When you’re an established business with a substantial repeat customer base, tactics like this are a legitimate option. A second Indiana contractor has refined his coverage area to one county. He’s also begun adding a fuel surcharge per mow. “Next year I’m going to have to raise my prices across the board,” he added.
That first Indiana contractor has also refined his market. “I’m heavily marketing to the neighbors of current customers,” he said. “I have also traded customers (who were a long drive away) with other LCOs who have accounts in my area. We’re all looking to hold the line on sales but reduce windshield time.”
A lot of contractors are also looking to greatly improve their ability to pre-qualify potential customers over the phone before investing the money and time in driving out to make an estimate.
Many are also putting a lot more thought into how they’re buying gas:
• Use a credit card that provides a discount when purchasing fuel; one contractor said a Chase BP card gives him a 5% discount
• Ask station owners if you can get a cash discount
• Avoid filling up in the heat of the day, as gasoline expands in the heat
As you can see, there are a lot of things you can do to at least soften the blow fuel costs are having on your business. One thing you can’t do is carry on with business as usual. Perhaps this is an opportunity for the most savvy of operators.
As one Midwestern contractor so aptly stated, “The economy is slowing and the fuel prices stink. But times like this help weed out all the fly-by-night landscape companies that have cut their prices over the years. And it teaches those of us who have been in the business for a long time to keep a very close eye on the bottom line.
“It’s been said that the one thing in business we have the most control over is our overhead. Over the past 12 years in the Midwest, the economy was booming, so you tend not to watch the bottom line as much. The current economy, although slowing down and not welcomed, also has a benefit to it: It teaches us to get back to the basics of running a very efficient company.”
Ask a PRO: “Invite donations!”
“My company specializes in the fertilization and weed control treatments of residential and commercial properties. In 2007 I added a fuel surcharge to my invoices to help offset the rising fuel cost. I felt like the extra $1.75 per customer was not asking much. To my surprise, though, many customers complained about the increase in price without prior notice, and about a third of them actually refused to pay it.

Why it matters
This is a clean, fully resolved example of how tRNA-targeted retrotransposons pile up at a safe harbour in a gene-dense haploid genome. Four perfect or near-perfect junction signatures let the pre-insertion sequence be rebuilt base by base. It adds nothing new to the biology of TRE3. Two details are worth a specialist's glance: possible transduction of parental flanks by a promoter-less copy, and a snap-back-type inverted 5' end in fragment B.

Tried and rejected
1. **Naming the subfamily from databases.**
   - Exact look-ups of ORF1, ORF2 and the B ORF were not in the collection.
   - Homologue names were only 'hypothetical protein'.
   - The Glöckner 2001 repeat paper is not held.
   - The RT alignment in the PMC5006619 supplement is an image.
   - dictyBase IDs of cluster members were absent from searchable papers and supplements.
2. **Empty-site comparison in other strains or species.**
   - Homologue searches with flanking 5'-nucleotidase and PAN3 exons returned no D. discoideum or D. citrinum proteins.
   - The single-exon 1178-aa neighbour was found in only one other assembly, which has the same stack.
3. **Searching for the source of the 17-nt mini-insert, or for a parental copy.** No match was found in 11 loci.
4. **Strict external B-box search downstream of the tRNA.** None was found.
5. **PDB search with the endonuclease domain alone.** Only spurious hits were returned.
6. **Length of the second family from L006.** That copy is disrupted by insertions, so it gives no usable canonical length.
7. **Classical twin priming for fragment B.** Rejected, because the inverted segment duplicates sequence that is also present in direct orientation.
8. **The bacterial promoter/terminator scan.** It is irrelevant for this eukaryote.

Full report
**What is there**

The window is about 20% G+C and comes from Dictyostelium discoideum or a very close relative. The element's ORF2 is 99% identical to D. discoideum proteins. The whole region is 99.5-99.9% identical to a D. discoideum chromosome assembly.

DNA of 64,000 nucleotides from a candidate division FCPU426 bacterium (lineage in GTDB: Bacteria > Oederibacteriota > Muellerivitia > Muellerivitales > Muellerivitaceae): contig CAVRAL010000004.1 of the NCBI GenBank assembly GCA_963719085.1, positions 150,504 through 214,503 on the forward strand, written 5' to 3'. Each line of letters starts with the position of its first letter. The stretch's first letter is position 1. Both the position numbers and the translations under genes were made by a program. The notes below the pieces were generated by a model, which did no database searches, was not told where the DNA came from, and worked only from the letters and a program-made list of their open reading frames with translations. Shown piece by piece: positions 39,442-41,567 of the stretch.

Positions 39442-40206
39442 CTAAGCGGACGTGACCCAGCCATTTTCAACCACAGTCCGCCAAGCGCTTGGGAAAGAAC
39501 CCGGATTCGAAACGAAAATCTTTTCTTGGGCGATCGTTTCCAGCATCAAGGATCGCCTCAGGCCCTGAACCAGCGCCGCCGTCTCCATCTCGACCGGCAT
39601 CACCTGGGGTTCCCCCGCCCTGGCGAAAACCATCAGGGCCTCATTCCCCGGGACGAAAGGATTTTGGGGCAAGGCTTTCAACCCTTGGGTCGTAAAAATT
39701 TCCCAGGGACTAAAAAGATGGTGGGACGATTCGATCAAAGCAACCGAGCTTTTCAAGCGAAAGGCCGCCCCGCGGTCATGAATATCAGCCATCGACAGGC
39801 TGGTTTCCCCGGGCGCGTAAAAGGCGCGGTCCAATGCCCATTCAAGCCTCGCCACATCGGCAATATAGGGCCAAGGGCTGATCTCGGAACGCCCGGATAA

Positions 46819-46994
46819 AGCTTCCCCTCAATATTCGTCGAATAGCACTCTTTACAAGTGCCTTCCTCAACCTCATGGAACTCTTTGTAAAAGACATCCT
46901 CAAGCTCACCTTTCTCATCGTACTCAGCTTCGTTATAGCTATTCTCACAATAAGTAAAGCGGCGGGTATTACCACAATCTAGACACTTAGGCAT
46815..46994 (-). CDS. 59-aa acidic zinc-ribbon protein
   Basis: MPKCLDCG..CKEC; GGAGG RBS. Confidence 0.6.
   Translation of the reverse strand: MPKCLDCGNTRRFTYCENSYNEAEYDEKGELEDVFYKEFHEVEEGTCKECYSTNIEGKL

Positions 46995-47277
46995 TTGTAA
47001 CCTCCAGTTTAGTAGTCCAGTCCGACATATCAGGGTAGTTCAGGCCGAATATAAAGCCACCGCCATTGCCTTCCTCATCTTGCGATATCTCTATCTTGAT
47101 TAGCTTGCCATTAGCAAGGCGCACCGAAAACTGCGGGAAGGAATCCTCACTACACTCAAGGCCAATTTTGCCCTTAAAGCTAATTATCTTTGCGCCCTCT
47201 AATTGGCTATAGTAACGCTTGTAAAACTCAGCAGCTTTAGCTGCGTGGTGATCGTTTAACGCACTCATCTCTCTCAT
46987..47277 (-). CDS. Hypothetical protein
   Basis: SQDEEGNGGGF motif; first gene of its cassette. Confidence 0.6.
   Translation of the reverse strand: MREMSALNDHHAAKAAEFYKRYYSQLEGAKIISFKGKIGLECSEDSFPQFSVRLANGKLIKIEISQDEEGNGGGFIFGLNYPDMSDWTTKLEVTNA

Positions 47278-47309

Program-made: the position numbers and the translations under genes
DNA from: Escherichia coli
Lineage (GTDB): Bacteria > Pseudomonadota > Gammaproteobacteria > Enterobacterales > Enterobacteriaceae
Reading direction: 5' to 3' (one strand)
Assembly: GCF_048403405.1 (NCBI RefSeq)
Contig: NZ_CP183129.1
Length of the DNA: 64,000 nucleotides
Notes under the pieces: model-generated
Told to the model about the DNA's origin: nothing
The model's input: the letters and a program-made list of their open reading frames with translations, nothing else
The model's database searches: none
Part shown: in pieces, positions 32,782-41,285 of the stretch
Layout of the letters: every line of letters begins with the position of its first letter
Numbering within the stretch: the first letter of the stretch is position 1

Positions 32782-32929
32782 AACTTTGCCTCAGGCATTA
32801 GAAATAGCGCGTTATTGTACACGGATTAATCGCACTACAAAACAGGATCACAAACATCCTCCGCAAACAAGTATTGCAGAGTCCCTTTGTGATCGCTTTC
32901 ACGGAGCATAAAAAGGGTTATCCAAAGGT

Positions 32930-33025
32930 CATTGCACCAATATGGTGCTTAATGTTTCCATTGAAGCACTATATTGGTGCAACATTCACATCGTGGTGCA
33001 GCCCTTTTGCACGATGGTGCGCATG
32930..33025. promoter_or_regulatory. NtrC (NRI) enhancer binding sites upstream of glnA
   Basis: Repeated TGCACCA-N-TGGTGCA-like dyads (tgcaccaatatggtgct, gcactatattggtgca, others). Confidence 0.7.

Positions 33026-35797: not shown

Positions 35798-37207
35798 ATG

“This year I decided to go a different route. I knew I had to raise prices, but I wanted to make sure that my customers were not upset again. With this in mind I decided to offer an optional fuel surcharge. I simply stapled a leaflet to my invoices reminding customers that most service companies add fuel surcharges without their customers’ prior knowledge—and that I felt like that was a poor way of doing business. I made it clear that I understood that they are also experiencing higher fuel costs and have a tighter budget.
“I finished by asking if they could add a few dollars to their next payment to help offset my higher fuel expense—if their personal budget allowed. A couple weeks after I implemented this idea, I started seeing one customer after another sending $2 here and $3 there with their payments. I even had a few customers send $50 and more because they were so pleased and impressed with how my company handled the rise in cost.
“On top of this optional fuel surcharge, I also implemented a policy stating that every customer who sent extra money would receive a thank you call from my staff. Trust me when I say that not only are my customers more loyal to GrassRoots, but they are also spreading the word to friends and family members about what GrassRoots did—and are telling them to use our service.